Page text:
(Bloomberg) — Microsoft Corp. has agreed to acquire RiskIQ, a security software maker, as the tech giant tries to expand its products and better protect customers amid a rising tide of global cyberattacks, according to people familiar with the matter.
The deal will be announced as soon as the next few days, said the people, who asked not to be identified speaking about an acquisition that isn’t yet public. Microsoft will pay more than $500 million in cash for the company, one of the people said.
San Francisco-based RiskIQ makes cloud software for detecting security threats, helping clients understand where and how they can be attacked on complex webs of corporate networks and devices. Its customers include Facebook Inc., BMW AG, American Express Co. and the U.S. Postal Service, according to the company’s web site.
Known for its annual report on security called the “Evil Internet Minute,” RiskIQ has raised $83 million from firms like Summit Partners and Battery Ventures, according to Crunchbase. It was founded in 2009.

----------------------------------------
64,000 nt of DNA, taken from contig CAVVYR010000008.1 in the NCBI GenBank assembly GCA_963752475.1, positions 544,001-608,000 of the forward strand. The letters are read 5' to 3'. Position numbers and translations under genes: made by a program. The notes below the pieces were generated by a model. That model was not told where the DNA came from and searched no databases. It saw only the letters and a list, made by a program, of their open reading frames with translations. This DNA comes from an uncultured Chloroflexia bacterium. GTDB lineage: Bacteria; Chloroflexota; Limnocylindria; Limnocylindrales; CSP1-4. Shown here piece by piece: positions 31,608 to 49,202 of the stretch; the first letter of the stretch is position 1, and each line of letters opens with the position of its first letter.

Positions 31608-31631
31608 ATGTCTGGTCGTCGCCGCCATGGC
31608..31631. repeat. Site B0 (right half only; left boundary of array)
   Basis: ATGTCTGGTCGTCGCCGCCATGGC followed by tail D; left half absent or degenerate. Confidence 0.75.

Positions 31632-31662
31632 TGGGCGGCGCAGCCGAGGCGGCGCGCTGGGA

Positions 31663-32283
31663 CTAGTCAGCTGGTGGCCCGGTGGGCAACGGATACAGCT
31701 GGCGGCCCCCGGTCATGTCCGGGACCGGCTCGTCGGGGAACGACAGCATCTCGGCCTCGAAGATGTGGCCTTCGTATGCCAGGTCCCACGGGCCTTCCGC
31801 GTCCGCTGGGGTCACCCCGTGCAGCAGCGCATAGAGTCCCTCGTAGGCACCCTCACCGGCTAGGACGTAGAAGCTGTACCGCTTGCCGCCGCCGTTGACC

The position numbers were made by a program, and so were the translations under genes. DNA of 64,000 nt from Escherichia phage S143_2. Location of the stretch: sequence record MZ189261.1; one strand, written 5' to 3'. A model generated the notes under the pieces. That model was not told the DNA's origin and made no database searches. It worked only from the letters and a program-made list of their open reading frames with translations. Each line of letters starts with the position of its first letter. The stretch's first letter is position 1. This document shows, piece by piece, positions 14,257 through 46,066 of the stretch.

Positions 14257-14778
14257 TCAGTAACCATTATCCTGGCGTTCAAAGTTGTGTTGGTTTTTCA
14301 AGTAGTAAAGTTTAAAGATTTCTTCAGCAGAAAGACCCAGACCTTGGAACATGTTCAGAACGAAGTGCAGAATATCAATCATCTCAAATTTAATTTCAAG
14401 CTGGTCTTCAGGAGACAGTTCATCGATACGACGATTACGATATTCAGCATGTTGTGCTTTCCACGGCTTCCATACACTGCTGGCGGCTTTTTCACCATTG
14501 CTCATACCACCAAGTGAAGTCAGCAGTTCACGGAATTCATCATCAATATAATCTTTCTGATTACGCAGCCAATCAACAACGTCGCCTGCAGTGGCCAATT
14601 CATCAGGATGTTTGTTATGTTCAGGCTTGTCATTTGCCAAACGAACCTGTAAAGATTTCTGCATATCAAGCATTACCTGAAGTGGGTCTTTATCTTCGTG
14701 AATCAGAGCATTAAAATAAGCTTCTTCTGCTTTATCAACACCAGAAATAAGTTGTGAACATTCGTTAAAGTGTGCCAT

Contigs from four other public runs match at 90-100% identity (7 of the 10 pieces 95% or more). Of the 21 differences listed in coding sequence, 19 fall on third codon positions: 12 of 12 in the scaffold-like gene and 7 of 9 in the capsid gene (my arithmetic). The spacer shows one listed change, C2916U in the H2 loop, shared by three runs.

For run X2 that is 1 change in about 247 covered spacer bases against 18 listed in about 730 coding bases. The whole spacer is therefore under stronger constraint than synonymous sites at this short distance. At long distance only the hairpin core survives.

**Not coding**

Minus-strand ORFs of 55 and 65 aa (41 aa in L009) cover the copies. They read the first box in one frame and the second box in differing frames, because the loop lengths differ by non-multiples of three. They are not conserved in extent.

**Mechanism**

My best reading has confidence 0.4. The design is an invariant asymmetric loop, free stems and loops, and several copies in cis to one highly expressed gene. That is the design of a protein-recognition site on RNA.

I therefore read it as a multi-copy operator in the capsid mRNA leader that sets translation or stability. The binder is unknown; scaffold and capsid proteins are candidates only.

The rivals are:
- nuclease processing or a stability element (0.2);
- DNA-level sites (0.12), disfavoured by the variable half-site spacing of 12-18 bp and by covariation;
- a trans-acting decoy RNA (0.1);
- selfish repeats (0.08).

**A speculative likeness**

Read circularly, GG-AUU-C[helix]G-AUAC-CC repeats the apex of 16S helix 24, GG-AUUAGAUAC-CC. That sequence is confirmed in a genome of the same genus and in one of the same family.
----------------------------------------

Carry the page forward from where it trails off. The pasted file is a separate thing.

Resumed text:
A spokesman for Microsoft declined to comment and RiskIQ didn’t immediately respond to a request for comment.
Microsoft has been adding security features to products like Windows and its Azure cloud services to protect individual machines and detect attacks on networks. The company has also added personnel who probe Microsoft’s own products for vulnerabilities, help clients clean up after a cyberattack, and runs a lab called the Microsoft Threat Intelligence Center that closely tracks nation-state hackers.
The software maker has also acquired several companies to expand its security capabilities. Last month, Microsoft bought ReFirm Labs, a maker of technology to secure Internet of Things devices, for an undisclosed amount. In a blog post announcing the deal, the company said it has 3,500 employees working on security at Microsoft and a mission to help protect customers “from the chip to the cloud.”
Microsoft and the rest of the U.S. technology industry, as well as companies and government agencies, have also spent the past eight months grappling with a series of damaging and widespread cyberattacks.
This month, hackers launched a mass ransomware attack that exploited multiple previously unknown vulnerabilities in IT management software made by Kaseya Ltd. In March, hackers linked to China used flaws in the code of Microsoft Exchange to break into tens of thousands of organizations, and in an attack disclosed in December, suspected Russian hackers compromised popular software from Texas-based firm SolarWinds Corp., inserting malicious code into updates for SolarWinds software.